DeSantis said he thinks that as much as people will like the proximity to downtown office jobs, they will appreciate being near Hammerjacks and two other nightclubs, Happy Endings and Sonar. The closest grocery is Whole Foods, a short drive away in Inner Harbor East, but there is a farmers' market under the JFX on summer and fall Sundays.


"A lot of people are new to the city," said leasing consultant Megan Hughes, who was the first to move in a year ago. "It's great to have everybody meet each other along the way. It forms lasting relationships that in the long run help us."

One of those relationships, still too early to call lasting, involves Rachel Blumberg and Ricky Rubin. Blumberg, a 27-year-old nursing home administrator, moved to the Munsey from Boca Raton, Fla., in January after passing on spots in Canton, the Federal Hill area and downtown's west side.

Rubin arrived in May and took an apartment next door to her. A month later the two began dating.

"We are like Melrose Place," Hughes said jokingly.

Not unlike a budding romance, the conversion of buildings such as the Munsey represents a new chapter of sorts. For older downtown structures that have held the same ground for decades but seen their appeal as offices dwindle to nil, they offer a second (or third) chance.

The Saratoga Court building at 222 E. Saratoga St. dates to 1914 and is not as handsome as the Standard or Munsey. While those were built as upscale offices with grand lobbies, the plain-looking Saratoga has always been more functional, serving as a paper warehouse and tannery over the years. In 1970, according to a plaque tacked to the exterior, it became offices for the city's Department of Housing and Community Development.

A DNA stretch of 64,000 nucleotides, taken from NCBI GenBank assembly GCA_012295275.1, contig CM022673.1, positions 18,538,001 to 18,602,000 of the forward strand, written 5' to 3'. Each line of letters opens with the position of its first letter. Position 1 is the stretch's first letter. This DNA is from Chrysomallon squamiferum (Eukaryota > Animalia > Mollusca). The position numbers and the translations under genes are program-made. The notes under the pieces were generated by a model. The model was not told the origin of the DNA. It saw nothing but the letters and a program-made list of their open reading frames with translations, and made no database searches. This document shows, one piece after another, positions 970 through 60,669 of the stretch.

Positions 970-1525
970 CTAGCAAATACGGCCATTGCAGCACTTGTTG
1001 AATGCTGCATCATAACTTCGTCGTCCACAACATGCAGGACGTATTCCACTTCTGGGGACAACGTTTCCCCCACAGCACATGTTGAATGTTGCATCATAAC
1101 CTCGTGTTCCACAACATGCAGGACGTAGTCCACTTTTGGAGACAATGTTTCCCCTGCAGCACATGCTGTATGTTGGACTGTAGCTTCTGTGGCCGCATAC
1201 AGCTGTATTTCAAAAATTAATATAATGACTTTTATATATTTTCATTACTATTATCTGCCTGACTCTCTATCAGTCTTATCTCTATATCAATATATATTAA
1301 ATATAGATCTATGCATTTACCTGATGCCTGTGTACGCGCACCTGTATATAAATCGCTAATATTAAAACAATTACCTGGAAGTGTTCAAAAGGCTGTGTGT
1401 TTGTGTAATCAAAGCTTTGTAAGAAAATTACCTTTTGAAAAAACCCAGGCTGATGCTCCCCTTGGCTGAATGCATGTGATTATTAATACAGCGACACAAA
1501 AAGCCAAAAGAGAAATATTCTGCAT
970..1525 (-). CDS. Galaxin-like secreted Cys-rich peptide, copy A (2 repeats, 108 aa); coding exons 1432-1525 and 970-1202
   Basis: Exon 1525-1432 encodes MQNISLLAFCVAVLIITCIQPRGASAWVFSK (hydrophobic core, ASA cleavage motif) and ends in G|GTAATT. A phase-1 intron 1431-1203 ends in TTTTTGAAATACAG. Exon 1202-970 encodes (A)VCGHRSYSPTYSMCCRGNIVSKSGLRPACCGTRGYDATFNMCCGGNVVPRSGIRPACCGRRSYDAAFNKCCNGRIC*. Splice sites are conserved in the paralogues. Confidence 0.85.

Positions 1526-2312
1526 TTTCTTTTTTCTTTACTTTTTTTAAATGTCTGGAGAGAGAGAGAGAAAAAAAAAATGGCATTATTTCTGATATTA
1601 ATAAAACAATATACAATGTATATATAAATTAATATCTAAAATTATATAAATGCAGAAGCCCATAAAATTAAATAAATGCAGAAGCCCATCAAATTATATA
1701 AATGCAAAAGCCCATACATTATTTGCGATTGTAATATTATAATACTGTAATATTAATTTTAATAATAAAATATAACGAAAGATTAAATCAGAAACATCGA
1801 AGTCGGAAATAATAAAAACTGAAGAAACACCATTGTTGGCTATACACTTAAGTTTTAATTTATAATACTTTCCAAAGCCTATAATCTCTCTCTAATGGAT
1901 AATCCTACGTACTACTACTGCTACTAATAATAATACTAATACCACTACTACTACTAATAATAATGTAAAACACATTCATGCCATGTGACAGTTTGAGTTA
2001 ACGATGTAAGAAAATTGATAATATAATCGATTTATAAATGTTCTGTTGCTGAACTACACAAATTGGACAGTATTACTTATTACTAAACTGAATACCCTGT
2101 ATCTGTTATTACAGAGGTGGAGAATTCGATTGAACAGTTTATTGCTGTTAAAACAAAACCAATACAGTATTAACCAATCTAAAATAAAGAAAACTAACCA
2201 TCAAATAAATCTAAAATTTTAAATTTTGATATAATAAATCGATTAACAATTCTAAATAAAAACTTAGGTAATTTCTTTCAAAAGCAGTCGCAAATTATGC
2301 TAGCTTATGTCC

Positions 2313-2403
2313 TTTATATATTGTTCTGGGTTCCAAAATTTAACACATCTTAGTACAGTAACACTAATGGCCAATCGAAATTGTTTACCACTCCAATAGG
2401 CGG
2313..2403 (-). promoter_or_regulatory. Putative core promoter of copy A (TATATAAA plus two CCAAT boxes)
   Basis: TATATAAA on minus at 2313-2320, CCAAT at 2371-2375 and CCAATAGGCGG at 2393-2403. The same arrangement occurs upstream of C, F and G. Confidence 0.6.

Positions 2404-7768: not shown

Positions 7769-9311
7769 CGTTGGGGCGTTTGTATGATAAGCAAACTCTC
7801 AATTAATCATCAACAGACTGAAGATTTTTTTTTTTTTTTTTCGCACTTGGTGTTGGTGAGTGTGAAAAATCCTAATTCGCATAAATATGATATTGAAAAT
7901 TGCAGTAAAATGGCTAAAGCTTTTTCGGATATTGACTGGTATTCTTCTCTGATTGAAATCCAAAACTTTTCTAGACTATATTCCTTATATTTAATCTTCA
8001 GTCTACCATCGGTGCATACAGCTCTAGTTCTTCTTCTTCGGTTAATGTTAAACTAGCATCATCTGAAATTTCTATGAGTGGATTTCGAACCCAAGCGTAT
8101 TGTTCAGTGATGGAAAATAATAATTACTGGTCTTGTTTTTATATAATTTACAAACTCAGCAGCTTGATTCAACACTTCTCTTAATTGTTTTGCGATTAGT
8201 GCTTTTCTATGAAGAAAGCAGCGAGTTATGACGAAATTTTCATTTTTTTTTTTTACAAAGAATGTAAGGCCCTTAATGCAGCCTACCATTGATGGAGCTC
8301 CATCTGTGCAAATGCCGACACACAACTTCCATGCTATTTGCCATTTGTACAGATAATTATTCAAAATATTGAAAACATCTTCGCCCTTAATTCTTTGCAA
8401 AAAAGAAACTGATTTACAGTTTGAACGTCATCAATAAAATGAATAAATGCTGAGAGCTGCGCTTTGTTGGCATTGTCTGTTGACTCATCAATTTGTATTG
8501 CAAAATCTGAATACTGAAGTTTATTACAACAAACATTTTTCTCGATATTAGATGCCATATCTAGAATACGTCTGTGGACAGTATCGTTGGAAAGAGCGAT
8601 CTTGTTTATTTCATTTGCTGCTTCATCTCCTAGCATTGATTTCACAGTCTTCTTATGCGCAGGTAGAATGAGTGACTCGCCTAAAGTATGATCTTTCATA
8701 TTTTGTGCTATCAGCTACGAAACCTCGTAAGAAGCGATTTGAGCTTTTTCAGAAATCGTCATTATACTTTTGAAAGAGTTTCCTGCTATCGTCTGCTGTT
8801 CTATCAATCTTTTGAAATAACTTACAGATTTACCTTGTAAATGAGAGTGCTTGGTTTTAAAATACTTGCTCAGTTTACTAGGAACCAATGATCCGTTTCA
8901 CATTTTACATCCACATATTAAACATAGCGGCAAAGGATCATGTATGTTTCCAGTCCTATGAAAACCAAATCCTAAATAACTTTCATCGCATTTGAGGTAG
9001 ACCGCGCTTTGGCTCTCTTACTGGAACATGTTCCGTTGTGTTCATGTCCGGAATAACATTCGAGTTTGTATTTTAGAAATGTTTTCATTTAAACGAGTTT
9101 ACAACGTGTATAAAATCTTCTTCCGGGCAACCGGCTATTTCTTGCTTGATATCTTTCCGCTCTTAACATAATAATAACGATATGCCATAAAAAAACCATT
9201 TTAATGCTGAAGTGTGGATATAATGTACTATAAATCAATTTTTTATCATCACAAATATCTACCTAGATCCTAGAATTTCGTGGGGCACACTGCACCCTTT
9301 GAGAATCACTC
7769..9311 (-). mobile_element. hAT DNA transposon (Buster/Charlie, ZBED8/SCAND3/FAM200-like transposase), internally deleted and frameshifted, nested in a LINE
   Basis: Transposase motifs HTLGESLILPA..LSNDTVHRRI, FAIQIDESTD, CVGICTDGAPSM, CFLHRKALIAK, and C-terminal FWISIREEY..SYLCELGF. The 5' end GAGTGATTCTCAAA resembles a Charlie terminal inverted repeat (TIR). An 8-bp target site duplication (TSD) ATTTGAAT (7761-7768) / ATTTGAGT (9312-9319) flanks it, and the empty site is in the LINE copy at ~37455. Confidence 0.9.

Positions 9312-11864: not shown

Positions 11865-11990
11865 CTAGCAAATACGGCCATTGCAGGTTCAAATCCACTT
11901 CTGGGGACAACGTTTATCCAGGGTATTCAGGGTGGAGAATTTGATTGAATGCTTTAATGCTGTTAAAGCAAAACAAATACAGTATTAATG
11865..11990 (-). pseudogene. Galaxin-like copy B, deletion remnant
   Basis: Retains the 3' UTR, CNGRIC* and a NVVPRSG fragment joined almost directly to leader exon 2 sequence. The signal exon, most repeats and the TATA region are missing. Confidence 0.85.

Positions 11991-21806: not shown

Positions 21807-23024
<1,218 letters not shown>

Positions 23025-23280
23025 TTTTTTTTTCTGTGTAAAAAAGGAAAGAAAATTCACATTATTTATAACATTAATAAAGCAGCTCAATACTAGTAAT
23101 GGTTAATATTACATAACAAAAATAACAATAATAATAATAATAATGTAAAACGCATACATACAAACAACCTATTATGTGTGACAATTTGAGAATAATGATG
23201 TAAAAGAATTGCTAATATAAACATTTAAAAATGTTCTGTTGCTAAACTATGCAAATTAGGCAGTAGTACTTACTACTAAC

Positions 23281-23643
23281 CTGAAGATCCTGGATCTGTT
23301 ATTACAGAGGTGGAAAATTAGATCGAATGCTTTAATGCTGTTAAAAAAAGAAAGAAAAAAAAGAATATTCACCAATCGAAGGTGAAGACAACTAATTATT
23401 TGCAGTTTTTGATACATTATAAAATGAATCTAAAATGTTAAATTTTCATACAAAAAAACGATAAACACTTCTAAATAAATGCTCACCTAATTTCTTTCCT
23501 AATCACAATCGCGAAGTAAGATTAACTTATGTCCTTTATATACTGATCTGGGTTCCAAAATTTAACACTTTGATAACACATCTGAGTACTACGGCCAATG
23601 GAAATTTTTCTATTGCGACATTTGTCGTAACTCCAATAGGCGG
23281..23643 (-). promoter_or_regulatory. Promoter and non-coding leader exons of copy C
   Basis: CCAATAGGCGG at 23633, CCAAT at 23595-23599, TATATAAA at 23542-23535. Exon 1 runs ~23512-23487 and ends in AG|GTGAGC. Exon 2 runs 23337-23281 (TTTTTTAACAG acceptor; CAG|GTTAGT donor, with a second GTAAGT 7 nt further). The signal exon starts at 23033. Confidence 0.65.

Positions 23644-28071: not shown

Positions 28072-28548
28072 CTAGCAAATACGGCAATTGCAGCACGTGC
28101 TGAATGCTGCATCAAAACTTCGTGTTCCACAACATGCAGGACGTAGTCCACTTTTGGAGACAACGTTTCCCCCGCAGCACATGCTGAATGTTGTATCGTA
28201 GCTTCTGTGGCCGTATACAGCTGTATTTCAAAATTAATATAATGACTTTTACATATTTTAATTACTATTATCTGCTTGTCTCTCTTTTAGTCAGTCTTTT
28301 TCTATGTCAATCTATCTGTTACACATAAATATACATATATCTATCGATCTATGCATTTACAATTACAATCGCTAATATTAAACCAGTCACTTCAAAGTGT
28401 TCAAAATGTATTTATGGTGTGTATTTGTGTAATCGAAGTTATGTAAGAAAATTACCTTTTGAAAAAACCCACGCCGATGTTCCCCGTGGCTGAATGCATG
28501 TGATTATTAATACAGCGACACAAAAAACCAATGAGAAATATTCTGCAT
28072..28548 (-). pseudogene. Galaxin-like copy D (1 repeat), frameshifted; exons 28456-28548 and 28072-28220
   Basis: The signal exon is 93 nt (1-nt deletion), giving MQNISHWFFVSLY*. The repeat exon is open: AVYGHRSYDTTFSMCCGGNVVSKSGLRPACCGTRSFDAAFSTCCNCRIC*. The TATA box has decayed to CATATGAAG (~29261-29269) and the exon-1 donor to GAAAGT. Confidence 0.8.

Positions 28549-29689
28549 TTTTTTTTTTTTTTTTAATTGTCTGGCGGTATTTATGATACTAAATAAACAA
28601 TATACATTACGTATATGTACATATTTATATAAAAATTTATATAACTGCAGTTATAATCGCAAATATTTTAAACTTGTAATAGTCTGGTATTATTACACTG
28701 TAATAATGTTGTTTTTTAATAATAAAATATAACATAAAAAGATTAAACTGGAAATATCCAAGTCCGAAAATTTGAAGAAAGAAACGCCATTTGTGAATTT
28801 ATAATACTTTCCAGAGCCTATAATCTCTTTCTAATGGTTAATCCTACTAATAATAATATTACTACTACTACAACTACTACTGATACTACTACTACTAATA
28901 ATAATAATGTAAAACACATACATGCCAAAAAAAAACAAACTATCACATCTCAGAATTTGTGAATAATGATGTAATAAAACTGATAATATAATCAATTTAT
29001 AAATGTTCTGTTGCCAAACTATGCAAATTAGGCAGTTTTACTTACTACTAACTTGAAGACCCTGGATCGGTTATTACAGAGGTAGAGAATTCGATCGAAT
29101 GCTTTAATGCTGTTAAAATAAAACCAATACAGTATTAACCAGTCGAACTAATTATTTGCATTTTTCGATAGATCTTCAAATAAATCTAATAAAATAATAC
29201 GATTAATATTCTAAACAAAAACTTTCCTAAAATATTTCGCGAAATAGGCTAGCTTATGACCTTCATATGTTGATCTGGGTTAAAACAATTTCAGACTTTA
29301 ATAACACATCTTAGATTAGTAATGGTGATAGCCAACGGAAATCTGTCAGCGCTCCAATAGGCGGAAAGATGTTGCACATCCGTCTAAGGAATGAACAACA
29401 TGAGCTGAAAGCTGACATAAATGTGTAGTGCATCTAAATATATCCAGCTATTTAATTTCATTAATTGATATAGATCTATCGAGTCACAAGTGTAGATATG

But since 1987, it had sat empty - a tan, concrete hulk that further deadened an already sleepy corner of parking lots and garages. Now, under a plan advanced by Baltimore architect Leo D'Aleo, the outside has been painted gray and an exterior courtyard has been carved onto the north side.

"We cut off every floor," said assistant superintendent Gary Barnhart. "A big part of this project was creating the courtyard."

Some elements have been left intact to give it a sort of neo-industrial look. Ceilings are concrete, and it's easy to see where wooden planks supported the concrete when it was poured. Air ducts have been left exposed. Open dining room and living room areas - some longer than 30 feet - are meant to enhance the loft feel.

Saratoga Court's rents will range from $950 a month for an 875-square-foot one-bedroom unit to $1,950 for a 1,520-square-foot two-bedroom apartment on the ninth floor, the penthouse level with 15-foot ceilings. Parking in the bottom two levels will cost $100 a month.

Overall, rents will average about $1.20 per square foot, DeSantis said, lower than those at some rival developments. Even so, he acknowledged, they will not be cheap.

"But I'll tell you what, if you track what's happening all over town, the kind of rents we're seeing are in line" with what Saratoga Court is charging. He added: "You go to Howard County and try to rent a two-bedroom for much less than that. You'll have a hard time - and you'll have a commute."